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Wednesday, May 24, 2017

The Tyranny of the Unusual

They tell me that roughly 5% of the population self-identifies as "gay". An even smaller percentage (less than 2%) are "transgender". The push these days is to call this "normal" and to urge people to "embrace" it in themselves and in others. Amazingly, in a relatively brief time our society is doing just that. Why? It's not, by any statistical analysis, "normal". The outlying 5% cannot be classified as "normal" unless the term has no meaning. Yet our society has been pushed into accepting as normal a tiny percentage of the population. I will call this "the tyranny of the unusual".

We have a strange propensity to allow the unusual to be our guide, to shape our views and our lives. I know that you will likely disagree, but consider the facts. Many people choose their views and courses of action based on the news. They won't fly because there was a plane crash. They avoid the freeway because there was an accident. They keep their kids away from playgrounds because there was a kidnapping. Let's go with that last one for a moment. According to the National Center for Missing and Exploited Children, some 800,000 children are reported missing each year. Subtract 203,000 from that to account for abduction by family members -- custody disputes and the like. Remove the family abductions, and you factor in the number of missing children who, soon thereafter, are found. Not missing, just misplaced. The numbers plummet. In 1999 something around 50,000 children and adolescents were taken for at least one hour. Ninety-one percent of non-family abductions lasted less than a day. And the numbers continue to drop. While kidnappings and missing kids get reported loud and clear, it turns out that the bottom line is that it's much less frequent than you would think. And, yet, parents are terrified of having their kids stolen. Because it's common? No, because it's news.

The truth is human beings are designed to notice the unusual. If someone held up a white sheet with a small black ink stain and asked you what you saw, you'd likely say, "An ink stain", not "a large white sheet." Think about this. You're driving down the freeway with 50 other people (in your immediate vicinity) all traveling approximately the same speed. One car is weaving in and out of traffic traveling significantly faster than everyone else. What car do you notice? Well, it's not the 50. Why? Because that one is not doing what everyone else is doing. But you know how this works. You'll likely think, "Wow, drivers are getting worse and worse. They're rude and uncaring and dangerous." But it's only one. Because of the tyranny of the unusual.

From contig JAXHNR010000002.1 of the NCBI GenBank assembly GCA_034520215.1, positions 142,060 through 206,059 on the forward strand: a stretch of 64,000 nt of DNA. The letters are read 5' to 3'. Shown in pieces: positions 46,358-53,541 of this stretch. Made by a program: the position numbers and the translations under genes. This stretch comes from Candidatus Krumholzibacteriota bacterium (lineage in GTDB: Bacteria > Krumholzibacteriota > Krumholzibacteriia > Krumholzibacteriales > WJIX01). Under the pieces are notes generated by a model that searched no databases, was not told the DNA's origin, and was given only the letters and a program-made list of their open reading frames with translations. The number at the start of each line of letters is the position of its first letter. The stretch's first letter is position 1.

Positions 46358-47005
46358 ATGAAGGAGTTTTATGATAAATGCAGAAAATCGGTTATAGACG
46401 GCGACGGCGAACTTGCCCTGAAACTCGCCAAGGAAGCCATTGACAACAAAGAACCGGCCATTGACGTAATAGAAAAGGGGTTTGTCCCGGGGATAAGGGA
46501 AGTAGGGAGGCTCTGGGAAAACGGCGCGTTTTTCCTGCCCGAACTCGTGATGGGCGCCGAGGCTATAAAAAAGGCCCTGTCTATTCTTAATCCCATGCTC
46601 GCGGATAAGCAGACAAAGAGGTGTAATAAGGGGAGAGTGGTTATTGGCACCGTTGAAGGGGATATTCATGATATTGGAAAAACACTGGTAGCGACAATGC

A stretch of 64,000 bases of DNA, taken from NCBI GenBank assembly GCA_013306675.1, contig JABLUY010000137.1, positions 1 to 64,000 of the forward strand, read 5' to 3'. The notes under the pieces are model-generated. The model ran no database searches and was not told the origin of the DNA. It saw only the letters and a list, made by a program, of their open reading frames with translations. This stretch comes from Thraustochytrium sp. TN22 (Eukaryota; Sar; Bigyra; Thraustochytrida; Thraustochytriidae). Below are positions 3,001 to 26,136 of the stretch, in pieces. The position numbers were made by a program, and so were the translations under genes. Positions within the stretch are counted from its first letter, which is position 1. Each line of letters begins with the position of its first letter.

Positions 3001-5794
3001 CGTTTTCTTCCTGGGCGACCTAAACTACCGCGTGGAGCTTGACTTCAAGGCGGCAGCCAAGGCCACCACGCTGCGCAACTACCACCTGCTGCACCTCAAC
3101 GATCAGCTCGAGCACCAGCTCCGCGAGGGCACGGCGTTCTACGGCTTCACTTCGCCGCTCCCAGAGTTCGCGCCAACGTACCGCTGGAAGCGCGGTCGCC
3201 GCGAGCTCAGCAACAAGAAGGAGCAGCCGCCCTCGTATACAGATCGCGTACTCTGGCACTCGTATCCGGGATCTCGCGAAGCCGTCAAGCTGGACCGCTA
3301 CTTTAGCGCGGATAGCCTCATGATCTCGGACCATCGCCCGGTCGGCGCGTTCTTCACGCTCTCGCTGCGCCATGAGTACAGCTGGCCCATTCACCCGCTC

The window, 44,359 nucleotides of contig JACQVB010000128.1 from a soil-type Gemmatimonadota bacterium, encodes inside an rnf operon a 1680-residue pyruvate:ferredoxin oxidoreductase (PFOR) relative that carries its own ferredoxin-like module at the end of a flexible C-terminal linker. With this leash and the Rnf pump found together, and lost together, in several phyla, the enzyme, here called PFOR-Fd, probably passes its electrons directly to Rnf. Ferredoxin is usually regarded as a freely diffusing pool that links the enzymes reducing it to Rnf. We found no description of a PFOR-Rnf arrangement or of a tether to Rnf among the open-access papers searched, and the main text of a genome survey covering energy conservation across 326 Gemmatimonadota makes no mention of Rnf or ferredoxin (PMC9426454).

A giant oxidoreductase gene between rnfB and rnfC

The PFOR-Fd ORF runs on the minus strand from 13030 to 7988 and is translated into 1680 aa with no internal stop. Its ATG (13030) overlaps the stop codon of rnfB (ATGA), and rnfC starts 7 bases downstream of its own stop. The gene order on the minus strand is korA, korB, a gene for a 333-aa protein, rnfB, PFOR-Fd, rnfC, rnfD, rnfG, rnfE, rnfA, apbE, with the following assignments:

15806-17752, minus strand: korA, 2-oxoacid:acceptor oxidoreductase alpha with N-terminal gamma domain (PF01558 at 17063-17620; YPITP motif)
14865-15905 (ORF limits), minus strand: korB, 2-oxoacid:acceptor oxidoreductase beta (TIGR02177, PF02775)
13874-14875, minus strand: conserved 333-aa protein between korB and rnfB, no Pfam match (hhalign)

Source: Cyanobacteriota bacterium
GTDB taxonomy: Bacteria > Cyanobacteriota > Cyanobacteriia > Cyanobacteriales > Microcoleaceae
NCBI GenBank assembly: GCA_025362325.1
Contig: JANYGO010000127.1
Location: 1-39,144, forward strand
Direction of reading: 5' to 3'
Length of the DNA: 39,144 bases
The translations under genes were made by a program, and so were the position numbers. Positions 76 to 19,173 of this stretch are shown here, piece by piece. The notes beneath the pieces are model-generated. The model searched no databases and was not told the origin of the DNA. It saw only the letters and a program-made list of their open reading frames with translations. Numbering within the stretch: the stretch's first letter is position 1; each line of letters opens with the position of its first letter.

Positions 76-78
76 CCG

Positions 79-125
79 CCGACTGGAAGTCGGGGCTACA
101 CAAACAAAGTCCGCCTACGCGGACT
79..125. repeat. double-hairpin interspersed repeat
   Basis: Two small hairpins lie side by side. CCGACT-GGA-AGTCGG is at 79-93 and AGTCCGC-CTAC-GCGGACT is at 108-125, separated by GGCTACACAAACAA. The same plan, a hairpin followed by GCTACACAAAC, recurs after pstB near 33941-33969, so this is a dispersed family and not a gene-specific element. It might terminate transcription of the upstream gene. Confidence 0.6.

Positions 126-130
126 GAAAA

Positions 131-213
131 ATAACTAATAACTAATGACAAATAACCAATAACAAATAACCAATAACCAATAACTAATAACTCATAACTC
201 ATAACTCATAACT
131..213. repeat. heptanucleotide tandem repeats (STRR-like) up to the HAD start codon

According to Wikipedia, crash statistics for the United States jumped up 10.5% from 2014 to 2015. "See?" I can hear some say, "Driving is dangerous." The statistics say there were 35,092 deaths by accidents in 2015. That was 1.12 deaths per 100 million vehicle miles traveled. How many miles did you travel by vehicle in 2015? In terms of population, that works out to 11 deaths per 100,000 people. Statistically that is a 0.01% chance that you will be killed in a traffic accident. And yet many people live their lives in fear of being killed in a traffic accident. The tyranny of the unusual.

We are geared to pay attention to the unusual rather than the usual. It's just the way our brains are wired. It doesn't mean that we ought to make our decisions or form our views or live our lives by the unusual. We don't actually live in a random, statistical world; we live in God's world. Reasonable consideration eases the tyranny of the unusual. Reasonable faith eliminates it. We should be careful about forming opinions from the news or the emotional grabs our world offers and consider instead the One who holds all things in His hands. A much safer place to be.


Doug Evans said...

The tyranny of the minority is something that the founding fathers never imagined even though they fought a civil war (we call it the revolutionary war) against a single king. We are losing freedom after freedom and tradition after tradition to a wimpy, nameless, minority that hides behind groups like the ACLU and dumps shame on its opposition through words like ‘diversity’ and ‘fairness.’

Remember that this memorial day as you place poppies on the graves of our heroes, that cross that marks their remains may not survive the tyranny of the selfish minority

Stan said...

A study back in 2006 (I believe) said that 75% of Americans self-identify as "Christian". As they broke those numbers down, it turned out that, in the end, only 5% said it made any difference in their lives. If we take that 5%, then, as the number of genuine believers, it would seem that we are a tiny minority. Why is it that we don't seem to have the same effect and influence on the country as those others do? (That's not an actual question. Jesus gave us the answer.)